• Bagong Silang
  • Bacal I
  • Bacal II
  • Bacal III
  • Baluga
  • Bantug
  • Bantug Hacienda
  • Basang Hamog
  • Bugtong na Buli
  • Bulac
  • Burnay
  • Calipahan
  • Campos
  • Casulucan Este
  • Collado
  • Dimasalang Norte
  • Dimasalang Sur
  • Dinarayat
  • Esguerra District (Poblacion)
  • Gulod
  • Homestead I
  • Homestead II
  • Cabubulaunan
  • Caaniplahan
  • Caputican
  • Kinalanguyan
  • La Torre
  • Lomboy
  • Mabuhay
  • Maestrang Kikay (Poblacion)
  • Mamandil
  • Marcos District (Poblacion)
  • Matias District(Poblacion)
  • Matingkis
  • Minabuyoc
  • Pag-asa District (Poblacion)
  • Paludpod
  • Pantoc Bulac
  • Pinagpanaan
  • Poblacion Sur (Poblacion)
  • Pula
  • Pulong San Miguel (Poblacion)
  • Sampaloc
  • San Miguel na Munti
  • San Pascual
  • San Ricardo
  • Sibul
  • Sicsican Matanda
  • Tabacao
  • Tagaytay
  • Valle

History and topography[edit]

Present-day Talavera was formerly a barrio of Cabanatuan City. It was called “Katugian” which means a place abundant in “Tugue,” an edible root crop.

The distance between Cabanatuan's town center and Katugian was critical during the early phase of its development although it was only 15 kilometres (9.3 mi). The parish-curate at that time recommended to the Spanish administrators a separate and independent administration of Katugian.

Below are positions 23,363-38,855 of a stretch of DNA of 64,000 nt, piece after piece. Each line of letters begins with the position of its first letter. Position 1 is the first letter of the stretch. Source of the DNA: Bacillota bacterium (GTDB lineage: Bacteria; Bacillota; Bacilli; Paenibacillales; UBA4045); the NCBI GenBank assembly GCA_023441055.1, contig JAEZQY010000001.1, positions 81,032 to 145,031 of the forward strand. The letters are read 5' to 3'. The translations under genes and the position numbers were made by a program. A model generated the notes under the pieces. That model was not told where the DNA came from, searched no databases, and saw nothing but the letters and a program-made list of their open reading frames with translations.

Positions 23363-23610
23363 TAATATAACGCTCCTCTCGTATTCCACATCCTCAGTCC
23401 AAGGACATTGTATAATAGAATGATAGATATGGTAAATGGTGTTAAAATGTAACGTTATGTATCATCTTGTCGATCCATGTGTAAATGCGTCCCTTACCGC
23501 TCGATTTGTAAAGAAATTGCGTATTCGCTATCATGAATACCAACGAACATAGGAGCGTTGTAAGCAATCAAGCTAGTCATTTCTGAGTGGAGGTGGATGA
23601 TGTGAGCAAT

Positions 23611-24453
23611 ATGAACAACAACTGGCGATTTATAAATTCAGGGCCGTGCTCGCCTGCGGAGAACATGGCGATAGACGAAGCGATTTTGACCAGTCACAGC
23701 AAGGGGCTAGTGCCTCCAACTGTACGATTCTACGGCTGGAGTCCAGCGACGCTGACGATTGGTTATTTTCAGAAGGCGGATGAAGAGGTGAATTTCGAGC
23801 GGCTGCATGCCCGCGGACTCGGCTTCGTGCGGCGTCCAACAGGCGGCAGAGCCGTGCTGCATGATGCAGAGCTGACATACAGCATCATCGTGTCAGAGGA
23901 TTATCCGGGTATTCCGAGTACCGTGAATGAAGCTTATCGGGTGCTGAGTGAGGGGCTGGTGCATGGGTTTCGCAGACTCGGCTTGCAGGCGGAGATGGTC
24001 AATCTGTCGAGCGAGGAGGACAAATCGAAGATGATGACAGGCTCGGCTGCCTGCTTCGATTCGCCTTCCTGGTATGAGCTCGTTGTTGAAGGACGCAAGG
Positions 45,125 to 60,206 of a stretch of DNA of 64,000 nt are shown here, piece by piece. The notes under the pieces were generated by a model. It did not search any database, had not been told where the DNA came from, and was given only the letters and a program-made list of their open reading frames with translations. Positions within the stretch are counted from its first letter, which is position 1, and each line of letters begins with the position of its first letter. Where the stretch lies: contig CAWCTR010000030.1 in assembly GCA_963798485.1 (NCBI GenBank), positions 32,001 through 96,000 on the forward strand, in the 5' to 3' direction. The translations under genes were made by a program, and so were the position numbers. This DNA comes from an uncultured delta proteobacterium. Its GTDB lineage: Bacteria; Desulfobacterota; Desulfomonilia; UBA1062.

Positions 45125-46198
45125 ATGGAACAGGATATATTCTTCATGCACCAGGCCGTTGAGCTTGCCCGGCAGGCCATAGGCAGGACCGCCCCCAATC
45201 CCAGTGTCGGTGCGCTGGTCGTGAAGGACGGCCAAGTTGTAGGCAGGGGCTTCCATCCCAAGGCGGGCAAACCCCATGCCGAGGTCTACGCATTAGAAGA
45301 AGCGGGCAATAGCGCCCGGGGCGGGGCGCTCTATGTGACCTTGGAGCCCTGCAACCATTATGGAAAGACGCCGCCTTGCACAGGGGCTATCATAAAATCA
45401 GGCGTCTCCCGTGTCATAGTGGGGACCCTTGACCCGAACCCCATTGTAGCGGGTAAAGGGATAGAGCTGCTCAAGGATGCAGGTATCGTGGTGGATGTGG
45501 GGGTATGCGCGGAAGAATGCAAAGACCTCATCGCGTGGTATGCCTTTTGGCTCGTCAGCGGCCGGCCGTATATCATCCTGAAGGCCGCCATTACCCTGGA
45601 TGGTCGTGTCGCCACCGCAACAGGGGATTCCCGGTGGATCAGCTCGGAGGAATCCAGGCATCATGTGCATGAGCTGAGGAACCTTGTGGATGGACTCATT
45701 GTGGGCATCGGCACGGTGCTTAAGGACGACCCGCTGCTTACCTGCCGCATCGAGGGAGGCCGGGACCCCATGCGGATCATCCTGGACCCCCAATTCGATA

By a royal decree issued on November 12, 1852, the plan making Katugian a town was approved. There was no formal inauguration of the new town in accordance with the royal decree. However, the Augustinian parish-curate of Cabanatuan, Fr. Gregorio Crisostomo, appointed the first officials of the town by sending his co-adjutor, a certain Pedro Estanislao Pascual, to handle the religious phase of the administration of the new town during Sundays and Holidays only.

The first barrios that composed the new town were La Torre, Pulong Buli (Now Sto. Domingo), Concepcion and Valle. Based on the petition presented to the Alcalde Mayor (governor) of Nueva Ecija, forwarded to the governor general in Manila, the “Talavera of the Crown of the Princess” was approved on February 17, 1853, by the Governor General.

In 1954, Talavera lost some territory when the barrios of General Luna, Morcon, Mabini, Ricarte, Casili, and Picon, together with sitios Plaridel and Bosque were separated to form the town of Llanera along with some territory from Rizal and San Jose.[6]